As of March 28, 2007, the date the Inquiry Board voted to file a complaint against Respondent relating to his handling of the Napolitano, Romero, Barnes, and Palmer matters, Respondent had not appeared, produced any materials, or provided any information in compliance with the Administrator's subpoena duces tecum. At no time has the Administrator excused or waived Respondent's appearance or production of materials in response to the subpoena.
Evidence Relating to Aggravation
Thomas Peters, registrar for the ARDC, testified that he maintains the master roll of attorneys currently licensed to practice law in the State of Illinois. He stated that Respondent was removed from the master roll as a result of his failure to pay his registration dues for 2007.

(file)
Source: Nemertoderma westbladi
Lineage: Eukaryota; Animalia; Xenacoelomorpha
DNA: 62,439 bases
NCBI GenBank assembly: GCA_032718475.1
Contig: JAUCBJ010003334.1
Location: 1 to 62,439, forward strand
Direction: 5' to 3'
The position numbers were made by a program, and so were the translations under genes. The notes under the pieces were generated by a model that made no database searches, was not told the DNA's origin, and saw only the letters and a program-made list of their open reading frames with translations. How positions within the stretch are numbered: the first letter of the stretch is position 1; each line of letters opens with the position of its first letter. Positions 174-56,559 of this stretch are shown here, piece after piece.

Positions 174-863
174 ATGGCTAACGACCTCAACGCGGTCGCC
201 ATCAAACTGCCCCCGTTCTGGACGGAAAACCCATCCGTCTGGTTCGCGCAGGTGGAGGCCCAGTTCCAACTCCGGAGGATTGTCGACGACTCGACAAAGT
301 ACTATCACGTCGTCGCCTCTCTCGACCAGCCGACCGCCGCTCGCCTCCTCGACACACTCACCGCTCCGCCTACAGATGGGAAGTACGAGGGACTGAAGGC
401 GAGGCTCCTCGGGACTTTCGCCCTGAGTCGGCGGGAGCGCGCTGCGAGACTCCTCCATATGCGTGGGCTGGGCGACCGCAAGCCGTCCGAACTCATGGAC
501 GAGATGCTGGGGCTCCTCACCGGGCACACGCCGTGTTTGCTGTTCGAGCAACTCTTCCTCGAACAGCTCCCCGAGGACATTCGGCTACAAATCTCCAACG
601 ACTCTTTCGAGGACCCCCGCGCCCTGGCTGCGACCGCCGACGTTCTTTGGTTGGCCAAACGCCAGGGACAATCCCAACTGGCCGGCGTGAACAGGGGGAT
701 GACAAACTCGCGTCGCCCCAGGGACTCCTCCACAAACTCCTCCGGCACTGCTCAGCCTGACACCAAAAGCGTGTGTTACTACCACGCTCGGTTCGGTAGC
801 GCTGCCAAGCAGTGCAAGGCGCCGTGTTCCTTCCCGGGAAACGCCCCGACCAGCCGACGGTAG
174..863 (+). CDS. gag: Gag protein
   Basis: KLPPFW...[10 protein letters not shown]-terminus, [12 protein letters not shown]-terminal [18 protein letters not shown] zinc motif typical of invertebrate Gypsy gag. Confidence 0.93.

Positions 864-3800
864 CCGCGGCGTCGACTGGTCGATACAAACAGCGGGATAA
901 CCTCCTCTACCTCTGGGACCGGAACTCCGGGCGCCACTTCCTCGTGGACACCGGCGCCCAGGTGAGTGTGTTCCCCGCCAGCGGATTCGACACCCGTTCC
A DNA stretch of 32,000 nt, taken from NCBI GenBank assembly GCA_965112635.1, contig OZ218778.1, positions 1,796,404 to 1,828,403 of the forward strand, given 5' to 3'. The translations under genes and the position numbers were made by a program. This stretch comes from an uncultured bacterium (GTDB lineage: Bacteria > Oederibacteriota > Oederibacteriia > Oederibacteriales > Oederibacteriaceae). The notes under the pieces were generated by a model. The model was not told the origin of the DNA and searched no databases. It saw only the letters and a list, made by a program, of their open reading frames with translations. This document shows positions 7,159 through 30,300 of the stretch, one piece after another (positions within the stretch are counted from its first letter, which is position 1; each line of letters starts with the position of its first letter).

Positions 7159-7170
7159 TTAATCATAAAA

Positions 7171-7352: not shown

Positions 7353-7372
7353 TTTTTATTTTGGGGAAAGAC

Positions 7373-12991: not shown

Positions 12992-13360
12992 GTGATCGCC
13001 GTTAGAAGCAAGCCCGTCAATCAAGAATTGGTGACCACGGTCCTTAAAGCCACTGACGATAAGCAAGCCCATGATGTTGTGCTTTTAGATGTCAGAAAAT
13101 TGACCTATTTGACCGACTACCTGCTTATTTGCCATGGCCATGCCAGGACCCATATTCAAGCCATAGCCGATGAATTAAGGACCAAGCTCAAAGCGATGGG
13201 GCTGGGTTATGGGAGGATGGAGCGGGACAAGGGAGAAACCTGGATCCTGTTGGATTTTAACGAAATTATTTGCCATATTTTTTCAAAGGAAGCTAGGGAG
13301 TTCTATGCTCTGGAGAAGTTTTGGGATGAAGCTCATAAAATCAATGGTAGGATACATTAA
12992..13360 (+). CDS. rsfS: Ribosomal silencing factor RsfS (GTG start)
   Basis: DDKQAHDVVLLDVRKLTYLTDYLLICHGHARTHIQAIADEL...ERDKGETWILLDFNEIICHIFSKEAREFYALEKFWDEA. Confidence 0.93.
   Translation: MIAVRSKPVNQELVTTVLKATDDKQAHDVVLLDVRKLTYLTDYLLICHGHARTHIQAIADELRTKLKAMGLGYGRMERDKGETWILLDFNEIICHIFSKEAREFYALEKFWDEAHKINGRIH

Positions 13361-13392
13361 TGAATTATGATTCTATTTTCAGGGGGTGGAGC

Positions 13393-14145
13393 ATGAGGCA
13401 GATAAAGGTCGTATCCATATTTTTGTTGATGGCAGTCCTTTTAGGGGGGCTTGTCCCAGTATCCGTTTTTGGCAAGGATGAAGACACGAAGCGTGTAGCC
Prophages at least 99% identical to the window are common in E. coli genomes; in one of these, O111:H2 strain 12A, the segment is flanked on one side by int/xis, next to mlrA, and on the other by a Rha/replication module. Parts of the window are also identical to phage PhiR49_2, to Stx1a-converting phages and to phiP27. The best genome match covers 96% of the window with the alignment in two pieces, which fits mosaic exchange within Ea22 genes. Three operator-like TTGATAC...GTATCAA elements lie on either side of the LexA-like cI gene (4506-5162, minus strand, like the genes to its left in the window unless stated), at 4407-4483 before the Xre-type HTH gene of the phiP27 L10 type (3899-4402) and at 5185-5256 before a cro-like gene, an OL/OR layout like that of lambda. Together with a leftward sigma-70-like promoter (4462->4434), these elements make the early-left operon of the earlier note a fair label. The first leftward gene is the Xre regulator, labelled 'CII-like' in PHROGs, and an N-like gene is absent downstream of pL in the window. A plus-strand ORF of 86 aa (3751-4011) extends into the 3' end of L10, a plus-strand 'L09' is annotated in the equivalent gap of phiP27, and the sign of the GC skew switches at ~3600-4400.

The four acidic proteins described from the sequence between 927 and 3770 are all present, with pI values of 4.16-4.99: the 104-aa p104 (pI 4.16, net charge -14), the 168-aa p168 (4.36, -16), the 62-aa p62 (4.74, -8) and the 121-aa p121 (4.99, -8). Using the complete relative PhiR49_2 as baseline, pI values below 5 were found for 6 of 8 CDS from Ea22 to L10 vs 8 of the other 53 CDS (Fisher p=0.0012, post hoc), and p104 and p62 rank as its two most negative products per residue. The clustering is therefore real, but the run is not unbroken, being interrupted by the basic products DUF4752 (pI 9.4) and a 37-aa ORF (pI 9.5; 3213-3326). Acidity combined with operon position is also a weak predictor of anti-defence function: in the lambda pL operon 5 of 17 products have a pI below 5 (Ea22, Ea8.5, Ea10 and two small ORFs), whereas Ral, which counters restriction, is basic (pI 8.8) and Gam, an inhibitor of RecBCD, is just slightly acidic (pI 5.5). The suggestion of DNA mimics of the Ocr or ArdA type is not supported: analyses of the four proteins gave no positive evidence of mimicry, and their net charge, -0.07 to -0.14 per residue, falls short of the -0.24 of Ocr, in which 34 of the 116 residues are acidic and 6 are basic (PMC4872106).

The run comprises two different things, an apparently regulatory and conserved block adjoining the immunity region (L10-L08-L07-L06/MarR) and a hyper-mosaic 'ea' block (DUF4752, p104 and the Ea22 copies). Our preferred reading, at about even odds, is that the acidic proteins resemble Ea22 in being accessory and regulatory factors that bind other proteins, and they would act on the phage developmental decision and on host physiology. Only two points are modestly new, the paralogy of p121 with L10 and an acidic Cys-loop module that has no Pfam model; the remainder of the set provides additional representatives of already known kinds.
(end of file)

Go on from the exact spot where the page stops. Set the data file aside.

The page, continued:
Because Respondent's name has been removed from the roll of active attorneys, he cannot practice law in Illinois. (Tr. 15-18).
The Administrator reported that Respondent has not been previously disciplined by the Illinois Supreme Court or any Board of the Commission.
FINDINGS OF FACT AND CONCLUSIONS OF LAW
In attorney disciplinary proceedings the Administrator has the burden of proving the charges of misconduct by clear and convincing evidence. In re Ingersoll, 186 Ill.2d 163, 710 N.E.2d 390, 393 (1999). Clear and convincing evidence constitutes a high level of certainty, which is greater than a preponderance of the evidence but less than proof beyond a reasonable doubt. People v. Williams, 143 Ill.2d 477, 577 N.E.2d 762 (1991).